UPDATED: Benchmarks provided by CNET Labs were added on Monday, August 24.
A new season of security suites is upon us, and Kaspersky has made improvements to its Kaspersky Internet Security and Kaspersky Anti-Virus programs that include changes indicative of where security software as an industry is leaning. Three new features along with expected upgrades to its antivirus engine keep Kaspersky competitive.
The full-feature suite Kaspersky Internet Security offers a complete and competitive range of security options. The new features in the 2010 edition include a behavioral-based detection system called the Urgent Detection System. The UDS utilizes the anonymous data of 10 million Kaspersky customers who choose to participate in submitting their system scans to Kaspersky's central servers for analysis. In fact, the UDS must be opted-out of--there's a check box and data collection statement to read when you install the program.
Although this might sound insidious, it's actually a smart way to leverage a huge consumer base for security purposes as long as the data remains anonymous. Symantec's Norton 2010 will contain a behavioral check, too, and what both do is look at programs installed on your computer and judge their safety based on how many people have them installed and how they behave. Among UDS's better sub-features are the ability to customize how long it takes to pass judgment on a new program and per-user configuration of the rules governing program behavior.
Even if a program has deep penetration and it starts behaving badly, Kaspersky will block it. If it's an unknown, Kaspersky will treat it skeptically, monitoring and restricting the program until it has been proven safe. The Vulnerability Scan option, available under the Scan tab, utilizes tech from Secunia to determine which programs are potential security risks because they lack recent updates or patches. For programs that may not warn you that they have a pending security update, such as Adobe Flash, having this tool baked-in could be exceptionally useful.
The tools offered under the My Protection tab are nothing short of robust. There's antivirus protection for files, e-mail, HTTP traffic, and instant messaging. Application control, the aforementioned UDS, includes options for customization, should you need to force access for a specific program that Kaspersky is identifying as a threat. There are protections against spam, phishing, and banner ads, firewall control, and a network monitor to track network activities for users who like to drill down deep into their system's behavior. There's also a Parental Control filter, with options to outright block children from particular sites or merely log events. By default, the Parental Control filter is off, and when activated it assigns all other users on the computer Child status until directed otherwise. There's a Teenager status, as well, for more granular control of restrictions.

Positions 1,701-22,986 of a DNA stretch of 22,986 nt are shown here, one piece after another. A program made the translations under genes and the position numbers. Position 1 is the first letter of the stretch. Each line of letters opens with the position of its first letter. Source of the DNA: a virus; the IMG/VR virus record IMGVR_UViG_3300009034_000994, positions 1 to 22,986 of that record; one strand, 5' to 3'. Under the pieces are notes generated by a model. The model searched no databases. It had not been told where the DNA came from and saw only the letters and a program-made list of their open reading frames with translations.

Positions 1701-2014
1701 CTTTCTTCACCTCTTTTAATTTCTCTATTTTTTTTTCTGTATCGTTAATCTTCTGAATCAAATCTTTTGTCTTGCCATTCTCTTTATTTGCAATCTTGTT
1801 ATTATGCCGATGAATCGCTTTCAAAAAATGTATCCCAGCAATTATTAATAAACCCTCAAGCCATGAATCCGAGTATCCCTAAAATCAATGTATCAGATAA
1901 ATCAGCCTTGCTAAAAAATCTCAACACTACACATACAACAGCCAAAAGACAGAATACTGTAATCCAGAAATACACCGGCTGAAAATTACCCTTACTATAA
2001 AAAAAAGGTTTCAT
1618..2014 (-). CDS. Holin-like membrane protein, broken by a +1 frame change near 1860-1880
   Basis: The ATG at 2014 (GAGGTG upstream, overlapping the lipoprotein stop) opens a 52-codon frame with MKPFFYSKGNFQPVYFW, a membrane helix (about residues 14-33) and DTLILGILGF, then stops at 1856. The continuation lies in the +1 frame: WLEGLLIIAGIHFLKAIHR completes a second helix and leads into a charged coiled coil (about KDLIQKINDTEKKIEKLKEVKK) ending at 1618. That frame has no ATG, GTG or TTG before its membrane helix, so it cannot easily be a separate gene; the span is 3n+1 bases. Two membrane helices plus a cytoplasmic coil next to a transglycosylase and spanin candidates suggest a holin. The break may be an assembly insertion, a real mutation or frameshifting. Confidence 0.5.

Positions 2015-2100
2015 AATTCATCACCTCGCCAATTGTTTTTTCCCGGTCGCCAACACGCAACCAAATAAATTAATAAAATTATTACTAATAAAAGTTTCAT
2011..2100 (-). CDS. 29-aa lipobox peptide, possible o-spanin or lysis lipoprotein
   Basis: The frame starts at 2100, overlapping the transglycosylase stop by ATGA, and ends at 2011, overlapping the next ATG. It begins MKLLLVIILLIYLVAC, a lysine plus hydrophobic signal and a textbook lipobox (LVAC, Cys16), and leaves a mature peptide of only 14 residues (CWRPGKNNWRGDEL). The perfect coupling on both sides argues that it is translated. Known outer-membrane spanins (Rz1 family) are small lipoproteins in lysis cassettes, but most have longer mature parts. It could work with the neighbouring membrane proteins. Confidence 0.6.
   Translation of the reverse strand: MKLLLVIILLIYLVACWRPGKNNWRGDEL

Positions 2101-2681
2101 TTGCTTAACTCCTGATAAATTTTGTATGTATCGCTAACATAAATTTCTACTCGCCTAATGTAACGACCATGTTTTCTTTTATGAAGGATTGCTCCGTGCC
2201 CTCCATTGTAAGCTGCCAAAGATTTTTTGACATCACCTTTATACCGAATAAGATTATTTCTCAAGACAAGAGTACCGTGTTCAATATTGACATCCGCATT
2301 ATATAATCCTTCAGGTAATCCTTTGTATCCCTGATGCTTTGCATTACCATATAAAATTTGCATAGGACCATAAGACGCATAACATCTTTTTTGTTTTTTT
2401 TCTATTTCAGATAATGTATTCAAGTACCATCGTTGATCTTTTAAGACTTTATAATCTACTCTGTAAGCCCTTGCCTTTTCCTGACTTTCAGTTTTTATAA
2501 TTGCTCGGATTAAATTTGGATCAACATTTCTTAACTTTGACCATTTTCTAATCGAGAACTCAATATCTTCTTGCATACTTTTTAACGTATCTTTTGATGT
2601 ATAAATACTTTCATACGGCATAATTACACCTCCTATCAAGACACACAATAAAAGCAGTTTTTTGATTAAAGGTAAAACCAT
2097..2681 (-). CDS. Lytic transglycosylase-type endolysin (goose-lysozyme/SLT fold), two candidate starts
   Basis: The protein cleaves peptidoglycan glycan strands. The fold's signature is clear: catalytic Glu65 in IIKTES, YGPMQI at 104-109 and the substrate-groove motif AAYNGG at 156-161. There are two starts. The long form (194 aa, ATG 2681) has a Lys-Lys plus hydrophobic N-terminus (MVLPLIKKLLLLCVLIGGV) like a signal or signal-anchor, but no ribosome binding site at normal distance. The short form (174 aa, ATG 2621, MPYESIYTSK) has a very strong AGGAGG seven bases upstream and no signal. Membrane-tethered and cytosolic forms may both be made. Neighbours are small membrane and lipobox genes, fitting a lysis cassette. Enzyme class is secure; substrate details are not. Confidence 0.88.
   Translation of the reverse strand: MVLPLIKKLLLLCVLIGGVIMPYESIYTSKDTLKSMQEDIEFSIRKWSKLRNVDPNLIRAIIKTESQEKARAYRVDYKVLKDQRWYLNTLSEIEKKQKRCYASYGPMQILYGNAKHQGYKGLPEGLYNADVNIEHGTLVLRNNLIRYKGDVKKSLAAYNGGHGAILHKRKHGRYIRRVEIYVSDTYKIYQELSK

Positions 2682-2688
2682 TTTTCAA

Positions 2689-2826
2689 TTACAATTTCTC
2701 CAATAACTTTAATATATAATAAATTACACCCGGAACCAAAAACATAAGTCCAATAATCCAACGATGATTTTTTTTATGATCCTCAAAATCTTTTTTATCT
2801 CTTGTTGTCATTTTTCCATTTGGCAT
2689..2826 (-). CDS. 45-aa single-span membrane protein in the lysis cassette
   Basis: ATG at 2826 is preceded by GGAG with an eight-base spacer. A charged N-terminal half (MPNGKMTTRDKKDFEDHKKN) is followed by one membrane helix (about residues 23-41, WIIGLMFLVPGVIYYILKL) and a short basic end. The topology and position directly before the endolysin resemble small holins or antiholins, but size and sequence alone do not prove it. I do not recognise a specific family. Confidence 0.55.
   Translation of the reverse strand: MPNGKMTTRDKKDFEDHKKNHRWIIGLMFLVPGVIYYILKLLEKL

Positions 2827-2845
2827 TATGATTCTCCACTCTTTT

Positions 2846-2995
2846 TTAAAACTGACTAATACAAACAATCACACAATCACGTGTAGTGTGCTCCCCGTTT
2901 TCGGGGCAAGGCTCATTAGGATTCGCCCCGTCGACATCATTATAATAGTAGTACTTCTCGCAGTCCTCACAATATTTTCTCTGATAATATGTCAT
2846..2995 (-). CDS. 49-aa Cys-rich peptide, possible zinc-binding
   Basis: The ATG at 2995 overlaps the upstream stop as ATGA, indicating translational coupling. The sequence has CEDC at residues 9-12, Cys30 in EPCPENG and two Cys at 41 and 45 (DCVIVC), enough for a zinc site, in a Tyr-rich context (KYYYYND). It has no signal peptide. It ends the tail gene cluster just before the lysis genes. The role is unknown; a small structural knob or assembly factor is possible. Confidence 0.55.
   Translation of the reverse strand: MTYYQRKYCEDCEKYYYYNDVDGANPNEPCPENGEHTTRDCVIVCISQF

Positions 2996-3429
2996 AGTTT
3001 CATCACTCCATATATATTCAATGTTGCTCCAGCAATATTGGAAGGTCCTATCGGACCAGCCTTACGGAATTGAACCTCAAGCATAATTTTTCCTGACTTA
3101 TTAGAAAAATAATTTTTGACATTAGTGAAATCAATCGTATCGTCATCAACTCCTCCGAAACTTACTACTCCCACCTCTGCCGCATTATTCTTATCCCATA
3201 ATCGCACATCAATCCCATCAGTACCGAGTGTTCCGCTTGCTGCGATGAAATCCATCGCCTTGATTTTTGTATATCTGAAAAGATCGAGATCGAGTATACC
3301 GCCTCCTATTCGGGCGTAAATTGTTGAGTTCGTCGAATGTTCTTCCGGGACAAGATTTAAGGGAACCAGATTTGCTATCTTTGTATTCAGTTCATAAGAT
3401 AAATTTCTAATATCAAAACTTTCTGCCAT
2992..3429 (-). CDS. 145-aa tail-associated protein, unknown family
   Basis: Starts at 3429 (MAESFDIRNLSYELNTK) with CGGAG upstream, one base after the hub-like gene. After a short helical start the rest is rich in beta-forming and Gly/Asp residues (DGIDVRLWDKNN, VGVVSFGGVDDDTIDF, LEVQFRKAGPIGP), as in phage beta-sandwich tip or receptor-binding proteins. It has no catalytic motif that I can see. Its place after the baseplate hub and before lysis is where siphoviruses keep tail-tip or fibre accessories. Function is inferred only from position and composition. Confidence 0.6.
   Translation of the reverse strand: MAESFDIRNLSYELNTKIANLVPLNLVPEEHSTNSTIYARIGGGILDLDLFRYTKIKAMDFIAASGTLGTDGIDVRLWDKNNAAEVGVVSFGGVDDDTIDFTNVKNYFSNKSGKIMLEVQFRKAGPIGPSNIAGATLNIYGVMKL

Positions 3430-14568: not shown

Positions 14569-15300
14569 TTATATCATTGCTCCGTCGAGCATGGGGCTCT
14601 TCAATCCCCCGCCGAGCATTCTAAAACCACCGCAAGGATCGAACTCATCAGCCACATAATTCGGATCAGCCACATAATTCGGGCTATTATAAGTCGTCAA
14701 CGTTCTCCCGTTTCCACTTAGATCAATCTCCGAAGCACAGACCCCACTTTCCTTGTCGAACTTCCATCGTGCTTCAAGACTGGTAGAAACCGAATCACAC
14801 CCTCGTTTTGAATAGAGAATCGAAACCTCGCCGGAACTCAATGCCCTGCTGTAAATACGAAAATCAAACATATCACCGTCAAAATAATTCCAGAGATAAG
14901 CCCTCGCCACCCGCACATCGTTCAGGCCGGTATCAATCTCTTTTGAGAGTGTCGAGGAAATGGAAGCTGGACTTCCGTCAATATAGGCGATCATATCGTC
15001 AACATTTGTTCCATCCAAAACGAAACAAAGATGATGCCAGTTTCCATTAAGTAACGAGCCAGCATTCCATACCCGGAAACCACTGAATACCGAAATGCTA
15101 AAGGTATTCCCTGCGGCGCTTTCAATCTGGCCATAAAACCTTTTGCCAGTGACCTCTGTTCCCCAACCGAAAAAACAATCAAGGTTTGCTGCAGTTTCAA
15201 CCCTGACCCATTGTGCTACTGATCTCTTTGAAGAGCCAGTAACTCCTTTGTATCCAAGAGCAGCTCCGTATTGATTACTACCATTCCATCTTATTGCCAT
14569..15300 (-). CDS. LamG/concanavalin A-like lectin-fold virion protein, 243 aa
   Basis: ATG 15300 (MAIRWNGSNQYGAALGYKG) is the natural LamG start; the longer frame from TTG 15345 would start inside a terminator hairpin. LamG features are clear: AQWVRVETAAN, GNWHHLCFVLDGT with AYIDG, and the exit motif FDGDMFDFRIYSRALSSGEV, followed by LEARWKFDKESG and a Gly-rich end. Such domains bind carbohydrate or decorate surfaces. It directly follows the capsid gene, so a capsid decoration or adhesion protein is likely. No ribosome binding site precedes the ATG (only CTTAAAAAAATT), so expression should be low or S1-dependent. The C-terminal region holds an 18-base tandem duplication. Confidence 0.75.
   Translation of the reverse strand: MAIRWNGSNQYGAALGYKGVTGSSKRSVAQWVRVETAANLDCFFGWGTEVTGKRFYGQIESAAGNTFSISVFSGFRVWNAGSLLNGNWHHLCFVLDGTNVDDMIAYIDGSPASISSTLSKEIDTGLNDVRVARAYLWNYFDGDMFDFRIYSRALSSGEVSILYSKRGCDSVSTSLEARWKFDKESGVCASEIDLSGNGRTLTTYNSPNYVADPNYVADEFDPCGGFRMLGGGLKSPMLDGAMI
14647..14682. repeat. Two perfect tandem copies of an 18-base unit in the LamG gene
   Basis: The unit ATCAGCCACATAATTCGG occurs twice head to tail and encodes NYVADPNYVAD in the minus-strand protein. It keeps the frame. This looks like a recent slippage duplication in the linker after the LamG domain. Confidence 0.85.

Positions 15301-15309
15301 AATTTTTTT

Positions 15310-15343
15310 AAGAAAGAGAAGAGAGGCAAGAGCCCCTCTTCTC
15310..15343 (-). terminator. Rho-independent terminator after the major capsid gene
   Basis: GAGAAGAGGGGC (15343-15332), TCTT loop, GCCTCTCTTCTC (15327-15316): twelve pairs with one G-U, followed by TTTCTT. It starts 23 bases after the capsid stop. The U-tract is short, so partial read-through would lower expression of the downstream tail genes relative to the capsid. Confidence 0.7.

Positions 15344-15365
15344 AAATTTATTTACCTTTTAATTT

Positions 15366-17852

The My Security Zone tab is where most of the application control features live. From here, a clean chart organizes your installed programs according to trustworthiness, the Digital Identity Protection feature allows you to uncover which files your personal information resides in according to program, and the Safe Run sandbox can be controlled. Safe Run nearly doubles the amount of RAM the program uses, but provides a secure environment for launching a program. Safe Run also comes with a sandboxed folder into which you can save files without worry. The feature currently will not run on Windows 7 computers, but Kaspersky has told me that it expects to have the feature fixed before the October release of the new operating system.
Programs can be launched into Safe Run in one of two ways. You can add the program manually through the Kaspersky Security Zone panel, or you can launch it on the fly using the context menu. Hopefully, there will be casual launcher added to jump lists in Windows 7, but that feature doesn't exist now.